An unsettling trend for Offline Marketers

18 replies
Over the last few months I have been watching all the releases for different offline marketing courses and I am getting a little concerned that lots of people are going to buy these courses and get into a lot of trouble.

Do people really think you can waltz into a traditional business and sell them a 1,000 to 5,000 monthly product?

I have found that these traditional businesses are not quite as gullible as Internet Marketers.

Having been in the industry for nearly 12 years now I have found a few where this happens but my experience says it takes a little more work than this.

I am not saying there is not good money in this side of the industry but maybe I am seeing the wrong clients because my clients certainly are not going to hand over even a $100 a month without seeing some results and having some input into the project.

On top of that you have to handle the calls with silly little requests, handle the billing etc.

What are your experiences?

Q
#marketers #offline #trend #unsettling
  • Profile picture of the author chrisnegro
    Originally Posted by Quentin View Post

    Over the last few months I have been watching all the releases for different offline marketing courses and I am getting a little concerned that lots of people are going to buy these courses and get into a lot of trouble.

    Do people really think you can waltz into a traditional business and sell them a 1,000 to 5,000 monthly product?

    I have found that these traditional businesses are not quite as gullible as Internet Marketers.

    Having been in the industry for nearly 12 years now I have found a few where this happens but my experience says it takes a little more work than this.

    I am not saying there is not good money in this side of the industry but maybe I am seeing the wrong clients because my clients certainly are not going to hand over even a $100 a month without seeing some results and having some input into the project.

    On top of that you have to handle the calls with silly little requests, handle the billing etc.

    What are your experiences?

    Q
    It takes lot of self study, a good mentor and ROCK SOLID overall marketing AND business system to get you the results you are looking for.


    Starting out networking and joining a leads group at your local Chamber of Commerce is a good start. HOWEVER, incorporating and making sure you ACTUALLY care about if the client makes money is EXTREMELY important. They will no you are legit when you start talking about numbers.

    In fact, my famous phrase I use is " I NEED NUMBERS FROM YOU...IN ORDER TO MAKE YOU NUMBERS".

    The numbers I'm talking about here is the statistical numbers of how many bookings of the Inn (for example) or how many sales came from the 61329 zip code in the last month (for example) .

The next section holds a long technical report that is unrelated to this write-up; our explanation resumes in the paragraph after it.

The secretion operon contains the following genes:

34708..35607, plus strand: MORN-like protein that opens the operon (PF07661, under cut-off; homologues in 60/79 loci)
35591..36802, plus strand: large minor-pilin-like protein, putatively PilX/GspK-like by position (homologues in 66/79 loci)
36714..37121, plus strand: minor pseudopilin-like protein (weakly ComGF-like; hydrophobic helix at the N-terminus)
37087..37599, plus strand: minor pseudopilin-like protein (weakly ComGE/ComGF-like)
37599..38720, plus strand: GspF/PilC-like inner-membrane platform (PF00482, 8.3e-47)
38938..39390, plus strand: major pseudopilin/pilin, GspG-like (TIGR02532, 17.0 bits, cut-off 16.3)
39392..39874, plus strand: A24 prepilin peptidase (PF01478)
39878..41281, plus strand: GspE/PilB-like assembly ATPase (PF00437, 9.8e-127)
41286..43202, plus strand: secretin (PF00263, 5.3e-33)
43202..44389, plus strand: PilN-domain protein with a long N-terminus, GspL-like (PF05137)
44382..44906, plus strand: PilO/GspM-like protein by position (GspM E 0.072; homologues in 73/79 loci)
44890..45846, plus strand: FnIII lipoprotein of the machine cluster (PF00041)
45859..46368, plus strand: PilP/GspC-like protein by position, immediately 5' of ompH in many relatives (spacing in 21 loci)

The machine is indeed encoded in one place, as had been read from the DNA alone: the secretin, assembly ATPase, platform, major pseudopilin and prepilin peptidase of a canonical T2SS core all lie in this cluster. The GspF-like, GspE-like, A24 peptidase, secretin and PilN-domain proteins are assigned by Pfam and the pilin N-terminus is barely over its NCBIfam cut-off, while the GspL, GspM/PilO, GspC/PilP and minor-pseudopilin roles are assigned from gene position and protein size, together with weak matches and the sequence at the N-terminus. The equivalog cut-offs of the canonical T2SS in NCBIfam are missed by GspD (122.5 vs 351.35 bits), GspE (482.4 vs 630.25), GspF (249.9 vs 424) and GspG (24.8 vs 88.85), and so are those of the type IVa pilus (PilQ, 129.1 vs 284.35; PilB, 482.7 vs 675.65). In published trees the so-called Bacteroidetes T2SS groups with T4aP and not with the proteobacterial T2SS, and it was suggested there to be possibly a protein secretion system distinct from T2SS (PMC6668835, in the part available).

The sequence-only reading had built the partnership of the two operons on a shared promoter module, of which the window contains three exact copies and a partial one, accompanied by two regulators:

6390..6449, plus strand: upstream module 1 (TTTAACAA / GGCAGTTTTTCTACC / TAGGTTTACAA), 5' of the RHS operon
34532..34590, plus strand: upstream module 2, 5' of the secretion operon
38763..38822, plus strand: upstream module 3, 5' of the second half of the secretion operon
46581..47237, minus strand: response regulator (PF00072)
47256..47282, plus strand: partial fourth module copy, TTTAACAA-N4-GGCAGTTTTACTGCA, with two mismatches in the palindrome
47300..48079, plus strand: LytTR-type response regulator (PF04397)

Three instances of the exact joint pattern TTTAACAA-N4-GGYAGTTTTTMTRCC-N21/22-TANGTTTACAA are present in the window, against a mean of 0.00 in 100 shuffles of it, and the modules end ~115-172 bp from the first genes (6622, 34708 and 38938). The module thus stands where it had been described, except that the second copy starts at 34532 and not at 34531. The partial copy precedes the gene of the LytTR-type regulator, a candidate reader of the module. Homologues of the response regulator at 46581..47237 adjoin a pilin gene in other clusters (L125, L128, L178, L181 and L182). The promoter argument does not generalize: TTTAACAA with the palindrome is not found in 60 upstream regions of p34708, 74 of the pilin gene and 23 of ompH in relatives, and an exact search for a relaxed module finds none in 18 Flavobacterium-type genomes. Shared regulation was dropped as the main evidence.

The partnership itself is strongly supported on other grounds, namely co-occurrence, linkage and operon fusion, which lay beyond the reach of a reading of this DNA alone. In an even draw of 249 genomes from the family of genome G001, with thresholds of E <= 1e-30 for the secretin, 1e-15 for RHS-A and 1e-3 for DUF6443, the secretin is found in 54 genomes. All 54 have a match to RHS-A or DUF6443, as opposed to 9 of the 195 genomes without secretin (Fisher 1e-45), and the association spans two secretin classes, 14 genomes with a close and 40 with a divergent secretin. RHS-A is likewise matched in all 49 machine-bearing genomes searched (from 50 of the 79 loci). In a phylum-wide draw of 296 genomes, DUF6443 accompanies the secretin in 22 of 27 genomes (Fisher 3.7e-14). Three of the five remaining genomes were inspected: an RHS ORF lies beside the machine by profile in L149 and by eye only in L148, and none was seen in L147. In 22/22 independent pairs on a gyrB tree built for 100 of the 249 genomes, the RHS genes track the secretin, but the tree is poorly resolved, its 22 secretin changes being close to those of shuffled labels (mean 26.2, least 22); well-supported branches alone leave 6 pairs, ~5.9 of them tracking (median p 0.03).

The goal is to see how the data is trending BEFORE YOU MAKE YOUR DECISIONS on what type of marketing you do. THIS IS MAKING MARKETING DECISIONS BASED ON STATISTICAL INTELLIGENCE RATHER THEN DOING ANYTHING.

    All in all, it takes alot of work, a good mentor and a nice system to work that you can wash rinse and repeat. Putting clients down a predictable funnel (with minor tweeks as every client is different) IS AMAZINGLY FUN !


    Success,

    Chris Negro
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  • Profile picture of the author Gavin Abeyratne
    Hi Quentin,

    If you try and solicit business and chase cold leads you will have a tough time closing the deal. Businesses that are ALREADY interested in web marketing will be more than happy to pay good money for your services, because they tend to be cheaper than traditional print advertising methods anyway, and they sort of feel that they should be doing something with the internet, they just don't know what exactly. I was certainly surprised at how high the trading revenues were from small businesses, many were in the mid to high six figures.

    They also have VERY different ideas about what constitutes an adequate return on investment. In the IM world, we look for triple digit ROI's as a minimum, in the offline world double digits are fantastic.

    If you go after warm leads its really pretty smooth sailing in my experience. Billing is pretty straightforward as its done monthly, and silly little requests are few and far between. Admittedly I intentionally avoid web design because it is prone to such requests, but SEO is generally pretty good.

    Gavin
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  • Profile picture of the author ttrance
    my 2 cents...

    I have only been working in SEO for half a year or so, but with my only local business client its been a lot of problems cause the guy is just daft. Local businesses are run by regular people who most of the time do not know anything about SEO or internet marketing in general. This guy knows a lot of his business comes through the internet and hired me to help him get more traffic. Well there was a lot of problems he had. Along the way of me trying to fix his issues, he keeps trying to tell me what to do, like he knows better -resulting in more problems.